Trucking statistics in Maine and beyond

United States (ATA)

ATA American Trucking Trends 2019

  • Trucks moved 11.49 billion tons of freight, 71.4% of all domestic freight tonnage;
  • The industry generated $796.7 billion in annual revenue in 2018, 80.3% of the nation’s freight bill;
  • The industry moved 84% of all trade between the U.S. and Mexico, and 67% of Canada-U.S. trade;
  • Roughly 7.7 million people were employed in jobs related to trucking activity, including 3.5 million drivers;
  • Of those 3.5 million drivers, there were 1.8 million heavy and tractor-trailer drivers. Minorities account for 40.4% of all drivers and 6.6% of truck drivers are women.



  • 33,690 Trucking industry jobs in Maine (2019) – one out of every 16 in the state.
  • 5,300 Trucking companies located in Maine (2020).
  • 84.4% of Maine communities depend exclusively on trucks to move their goods.
  • 98.7% of total manufactured tonnage is transported by trucks in ME. That’s 52,650 tons per day. (2017)
  • Total trucking industry wages paid in Maine in 2019 exceeded $1.6 billion, with an average annual trucking industry salary of $47,292.
    • Heavy and tractor-trailer truck drivers held 9,290 jobs with an average annual salary of $41,870 (U.S. Bureau of Labor Statistics, 2018).


  • Maine trucking industry pays approximately $163 million in federal and state roadway taxes (2019).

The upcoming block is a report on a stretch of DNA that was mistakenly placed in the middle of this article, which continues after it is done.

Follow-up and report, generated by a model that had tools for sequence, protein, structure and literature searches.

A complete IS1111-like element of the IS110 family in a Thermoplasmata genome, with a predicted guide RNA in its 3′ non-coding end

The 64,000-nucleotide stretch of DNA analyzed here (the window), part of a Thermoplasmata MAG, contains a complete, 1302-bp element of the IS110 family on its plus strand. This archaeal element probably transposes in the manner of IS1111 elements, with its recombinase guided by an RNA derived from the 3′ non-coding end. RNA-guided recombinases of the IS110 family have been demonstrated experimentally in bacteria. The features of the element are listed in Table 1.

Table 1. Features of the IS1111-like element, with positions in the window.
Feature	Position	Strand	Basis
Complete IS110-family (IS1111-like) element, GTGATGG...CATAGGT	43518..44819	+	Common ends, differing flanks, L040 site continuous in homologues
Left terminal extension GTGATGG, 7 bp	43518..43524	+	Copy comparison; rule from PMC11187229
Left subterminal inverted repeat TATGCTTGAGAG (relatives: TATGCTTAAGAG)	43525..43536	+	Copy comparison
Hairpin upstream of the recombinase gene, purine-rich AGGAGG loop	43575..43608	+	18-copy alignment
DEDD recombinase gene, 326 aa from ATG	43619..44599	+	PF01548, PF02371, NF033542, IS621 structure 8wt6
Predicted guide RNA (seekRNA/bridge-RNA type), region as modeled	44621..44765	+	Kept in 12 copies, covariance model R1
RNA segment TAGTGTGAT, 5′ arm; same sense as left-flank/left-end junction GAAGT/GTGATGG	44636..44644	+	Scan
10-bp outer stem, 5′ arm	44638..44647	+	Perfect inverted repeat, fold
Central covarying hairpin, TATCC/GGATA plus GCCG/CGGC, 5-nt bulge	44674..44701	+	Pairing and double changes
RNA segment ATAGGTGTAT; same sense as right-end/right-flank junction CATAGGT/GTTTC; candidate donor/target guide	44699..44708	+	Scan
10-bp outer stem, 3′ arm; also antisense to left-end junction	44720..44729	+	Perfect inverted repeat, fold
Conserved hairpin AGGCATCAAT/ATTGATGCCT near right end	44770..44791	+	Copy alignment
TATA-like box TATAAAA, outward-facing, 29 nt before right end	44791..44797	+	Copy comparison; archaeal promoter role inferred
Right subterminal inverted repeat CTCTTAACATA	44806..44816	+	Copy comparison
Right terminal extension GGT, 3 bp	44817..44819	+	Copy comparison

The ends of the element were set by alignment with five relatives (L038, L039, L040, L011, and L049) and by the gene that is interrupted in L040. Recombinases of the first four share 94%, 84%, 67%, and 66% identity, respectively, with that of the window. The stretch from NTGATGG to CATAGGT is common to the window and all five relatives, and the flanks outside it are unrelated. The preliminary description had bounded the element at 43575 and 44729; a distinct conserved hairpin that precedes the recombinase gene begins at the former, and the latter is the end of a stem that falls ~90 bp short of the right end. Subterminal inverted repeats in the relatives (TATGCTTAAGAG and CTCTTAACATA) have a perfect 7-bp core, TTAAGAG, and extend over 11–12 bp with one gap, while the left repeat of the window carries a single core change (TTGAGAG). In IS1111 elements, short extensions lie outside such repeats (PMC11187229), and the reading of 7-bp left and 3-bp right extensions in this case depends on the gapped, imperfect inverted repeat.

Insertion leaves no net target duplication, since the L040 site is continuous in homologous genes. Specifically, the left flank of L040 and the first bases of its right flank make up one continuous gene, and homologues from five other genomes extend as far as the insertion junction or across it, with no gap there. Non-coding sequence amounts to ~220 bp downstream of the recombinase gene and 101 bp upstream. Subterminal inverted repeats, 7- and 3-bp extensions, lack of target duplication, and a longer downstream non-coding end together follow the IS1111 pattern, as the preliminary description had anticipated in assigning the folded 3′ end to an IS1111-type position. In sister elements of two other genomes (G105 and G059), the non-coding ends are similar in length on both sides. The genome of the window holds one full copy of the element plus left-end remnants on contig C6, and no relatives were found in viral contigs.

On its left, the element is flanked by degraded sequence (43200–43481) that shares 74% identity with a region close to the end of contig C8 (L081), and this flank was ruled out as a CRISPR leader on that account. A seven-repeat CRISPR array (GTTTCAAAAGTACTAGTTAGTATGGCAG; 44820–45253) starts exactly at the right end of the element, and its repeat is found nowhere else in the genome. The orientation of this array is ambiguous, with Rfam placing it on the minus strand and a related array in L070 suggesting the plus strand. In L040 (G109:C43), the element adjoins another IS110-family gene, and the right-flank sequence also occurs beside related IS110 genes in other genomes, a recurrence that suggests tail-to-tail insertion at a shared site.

• The industry paid 33% of all taxes owed by Maine motorists …
    • Despite trucks representing only 10% of vehicle miles traveled in the state.
  • As of January 2021, a typical five-axle tractor-semitrailer combination paid:
    • $8,906 federal highway user fees and taxes + $9,101 state highway user fees and taxes
    • These taxes were over and above the typical taxes paid by businesses in Maine.


  • There are 22,819 miles of public roads in Maine (2019).
    • 1.5 billion miles driven by trucks on public roads
    • 14.9 billion miles driven by all motorists on public roads


Improved Emissions: Through advancements in engine technology and fuel refinements:

  • New diesel truck engines produce 98% fewer particulate matter (PM) and nitrogen oxides (NOx) emissions than a similar engine manufactured prior to 1990.
  • Sulfur emissions from diesel engines have also been reduced by 97% since 1999.
  • 43% of U.S. commercial trucks are now powered by the newest-generation, near-zero emissions diesel technology.
  • Medium- and heavy-duty trucks contribute just 23% of all transportation-related greenhouse gas (GHG) emissions in the U.S. and represent only 6% of total U.S. GHG emissions.

Fuel Consumption Improvements: The trucking industry continues to improve energy and environmental efficiency even while increasing the number of miles driven. In 2018:

  • Combination trucks accounted for just 16% of the total highway transportation fuel consumed.
  • Combination trucks consumed 100 billion fewer gallons of fuel than passenger vehicles in the U.S.